Margo MacDonald's bid to legalise assisted dying in Scotland has reignited the debate on euthanasia. Here supporter Libby Wilson and critic Dr Rosemary Barrett debate the proposals being put before MSPs
To THOSE of us without religious beliefs and to many of those who have, it is blatantly obvious that dying people should be able to decide the time and place of their death.
We can refuse life-sustaining treatment, we are allowed to hasten our death by the rather grisly method of refusing food and drink, we can kill ourselves if we can find the means and the strength to do it - but we cannot ask someone else to put us out of our misery without the law being broken.
Doctors are allowed to give us such large doses of drugs that death will inevitably result, as long as they are given to relieve the side effects of the dying process.
The opponents of this logical extension of personal right to choose are those who have always sought to restrict individual liberties. Based on selected biblical texts, women were supposed to endure the pains of childbirth without relief, sex was only for procreation and therefore contraception was a sin (and still is for many) and abortion a heinous crime. Life is God given (even as a result of rape); life is sacred and must not be taken away (although killing in battle is OK); suffering is good for you, even if, illogically, doctors are commended for trying to relieve it.
"If assisted dying is allowed, this will lead on to voluntary euthanasia (the injection of a lethal drug by a doctor at the patient's request), this will lead on to involuntary euthanasia, this is the 'slippery slope'." The Netherlands has, in effect, had a pro-euthanasia law for 30 years, Switzerland a pro-Assisted suicide law for even longer and the US state of Oregon for 12 years. The number of people dying with help has remained constant at around 2 per cent.
"Palliative care will suffer." On the contrary, it has improved enormously where the law has been relaxed. "The doctor-patient relationship will be damaged." What nonsense patients would be able to talk, as many would like to do now, openly to their doctors about relieving their terminal suffering, if it should come to that.
Of course the law should be changed, but for how long will the people of Scotland have to suffer the dead hand of the past?
Lastly, there is the very real but totally unfounded fear of the disabled, terrified of a "do not resuscitate" notice being slapped on them in hospital if they are unable to communicate, as a doctor would not think their lives worth saving.
This has nothing to do with Margo MacDonald's Bill, but we believe the disabled should have the same right as an able-bodied person to decide the means of their passing.
Dr Libby Wilson, Friends at the End
WE PROPOSE to address four things that euthanasia is not, in the hope, ultimately, of clarifying what it is and why we in Scotland should avoid it at all costs.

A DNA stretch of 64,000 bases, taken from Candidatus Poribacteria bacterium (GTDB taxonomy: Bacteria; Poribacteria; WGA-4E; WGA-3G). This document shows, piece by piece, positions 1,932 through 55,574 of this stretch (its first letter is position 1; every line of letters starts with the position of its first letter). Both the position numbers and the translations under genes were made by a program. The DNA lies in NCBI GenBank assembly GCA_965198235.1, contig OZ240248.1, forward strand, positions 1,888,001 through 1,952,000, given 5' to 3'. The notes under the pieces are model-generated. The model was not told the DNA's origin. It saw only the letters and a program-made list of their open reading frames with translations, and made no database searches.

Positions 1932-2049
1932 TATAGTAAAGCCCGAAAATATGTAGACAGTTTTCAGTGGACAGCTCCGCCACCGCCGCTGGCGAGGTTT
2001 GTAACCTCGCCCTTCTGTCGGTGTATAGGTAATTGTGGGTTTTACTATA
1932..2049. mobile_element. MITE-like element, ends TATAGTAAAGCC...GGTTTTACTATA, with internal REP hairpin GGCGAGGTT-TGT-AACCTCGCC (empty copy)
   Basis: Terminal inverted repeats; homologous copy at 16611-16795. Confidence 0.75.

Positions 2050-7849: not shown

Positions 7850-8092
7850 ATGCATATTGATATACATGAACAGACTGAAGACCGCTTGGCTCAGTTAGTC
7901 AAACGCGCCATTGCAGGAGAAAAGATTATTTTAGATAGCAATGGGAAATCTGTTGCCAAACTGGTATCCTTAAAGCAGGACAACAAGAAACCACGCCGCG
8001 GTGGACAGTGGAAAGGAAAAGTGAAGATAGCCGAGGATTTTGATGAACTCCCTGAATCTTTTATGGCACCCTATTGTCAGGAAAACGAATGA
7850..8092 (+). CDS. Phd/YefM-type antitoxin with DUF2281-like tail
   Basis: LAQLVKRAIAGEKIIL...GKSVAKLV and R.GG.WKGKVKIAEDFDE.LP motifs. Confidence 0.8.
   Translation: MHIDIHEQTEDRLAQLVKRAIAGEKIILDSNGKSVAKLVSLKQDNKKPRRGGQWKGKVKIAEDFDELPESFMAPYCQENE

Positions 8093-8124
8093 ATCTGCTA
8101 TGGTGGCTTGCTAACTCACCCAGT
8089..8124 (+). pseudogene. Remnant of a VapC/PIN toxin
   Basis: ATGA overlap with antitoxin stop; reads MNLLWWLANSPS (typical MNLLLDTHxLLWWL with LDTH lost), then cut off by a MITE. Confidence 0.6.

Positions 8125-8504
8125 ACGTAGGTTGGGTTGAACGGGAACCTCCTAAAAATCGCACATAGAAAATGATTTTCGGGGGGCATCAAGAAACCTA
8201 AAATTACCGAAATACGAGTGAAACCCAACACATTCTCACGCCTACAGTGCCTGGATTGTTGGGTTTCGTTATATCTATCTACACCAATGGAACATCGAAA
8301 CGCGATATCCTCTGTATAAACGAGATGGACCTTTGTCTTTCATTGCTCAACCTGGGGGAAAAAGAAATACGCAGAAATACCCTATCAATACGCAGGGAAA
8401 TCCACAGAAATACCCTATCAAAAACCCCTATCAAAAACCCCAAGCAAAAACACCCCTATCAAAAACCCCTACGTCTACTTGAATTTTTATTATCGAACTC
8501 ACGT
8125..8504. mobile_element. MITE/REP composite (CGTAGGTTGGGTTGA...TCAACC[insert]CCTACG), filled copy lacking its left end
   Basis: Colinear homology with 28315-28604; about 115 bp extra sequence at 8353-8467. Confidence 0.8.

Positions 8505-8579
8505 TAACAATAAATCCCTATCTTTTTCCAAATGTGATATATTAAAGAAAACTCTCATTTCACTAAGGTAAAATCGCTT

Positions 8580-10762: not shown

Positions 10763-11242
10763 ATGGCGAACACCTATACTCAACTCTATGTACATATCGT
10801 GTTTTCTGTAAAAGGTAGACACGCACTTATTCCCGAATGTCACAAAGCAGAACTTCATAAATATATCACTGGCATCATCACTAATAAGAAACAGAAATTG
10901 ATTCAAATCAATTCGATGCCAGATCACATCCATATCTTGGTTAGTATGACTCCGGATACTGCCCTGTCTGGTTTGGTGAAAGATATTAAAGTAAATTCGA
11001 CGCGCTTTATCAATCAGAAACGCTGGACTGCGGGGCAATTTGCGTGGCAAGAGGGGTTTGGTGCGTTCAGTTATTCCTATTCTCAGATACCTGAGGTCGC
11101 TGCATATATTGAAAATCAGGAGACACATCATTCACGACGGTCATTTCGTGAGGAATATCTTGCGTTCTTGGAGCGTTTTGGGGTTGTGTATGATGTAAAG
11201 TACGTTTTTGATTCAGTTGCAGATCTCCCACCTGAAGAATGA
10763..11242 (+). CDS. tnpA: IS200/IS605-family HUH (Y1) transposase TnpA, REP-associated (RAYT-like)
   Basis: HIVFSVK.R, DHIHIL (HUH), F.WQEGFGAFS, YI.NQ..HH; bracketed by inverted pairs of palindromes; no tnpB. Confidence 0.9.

Firstly, euthanasia is not the provision of pain killers that may, in rare occasions, hasten death. Sometimes, when someone is dying, they experience significant pain. To reduce this pain, a medical professional will wisely administer drugs to address the suffering which might reduce the patient's life by a matter of hours. This is not euthanasia, but a time-honoured medical practice of enabling patients to end their lives peacefully rather than suffering.
Secondly, euthanasia is not removing life support. Sometimes, with a family's consent, a physician will remove the machines that keep the patient alive. This happens when the patient is already dying and their life continues only by machine. Again, this is not euthanasia, but a practice that recognises the frailty of human life. The key difference is intention. In neither of these cases is the intent to cause the death of the dying patient. In contrast, the intention behind euthanasia is always to end life. As it is currently practised in places like the Netherlands, euthanasia is often the result of either the administration of lethal drugs or, in its passive form, the withholding of life-sustaining treatment in order to cause death. While these practices look similar to the practices that are not euthanasia, the essential difference is motivation: one aims to bring death, the other accepts that death happens.
Third, euthanasia is not the only way to die peacefully. Margo MacDonald's Bill suggests that Scotland needs new procedures to allow terminally-ill patients to end their lives without excruciating pain. The Bill is designed for people who believe their existence is "intolerable". However, the truth is that Scotland offers excellent care for people suffering from extraordinary pain. Our palliative care services are capable of more than adequately managing physical pain. With such advanced medical services available, no person needs to experience "intolerable" pain.
Finally, euthanasia is not consistent with historic Scottish values. We must remember that the actions of a few profoundly affect many others. The legalisation of euthanasia would betray our Scottish values by acting in the interest of only a small segment of society.
Passing the Bill would clash with our historic standards of caring for the whole of society, not simply submitting to a vocal and influential few.
Dr Rosemary Barrett is a family doctor and a director of the Scottish Council on Human Bioethics.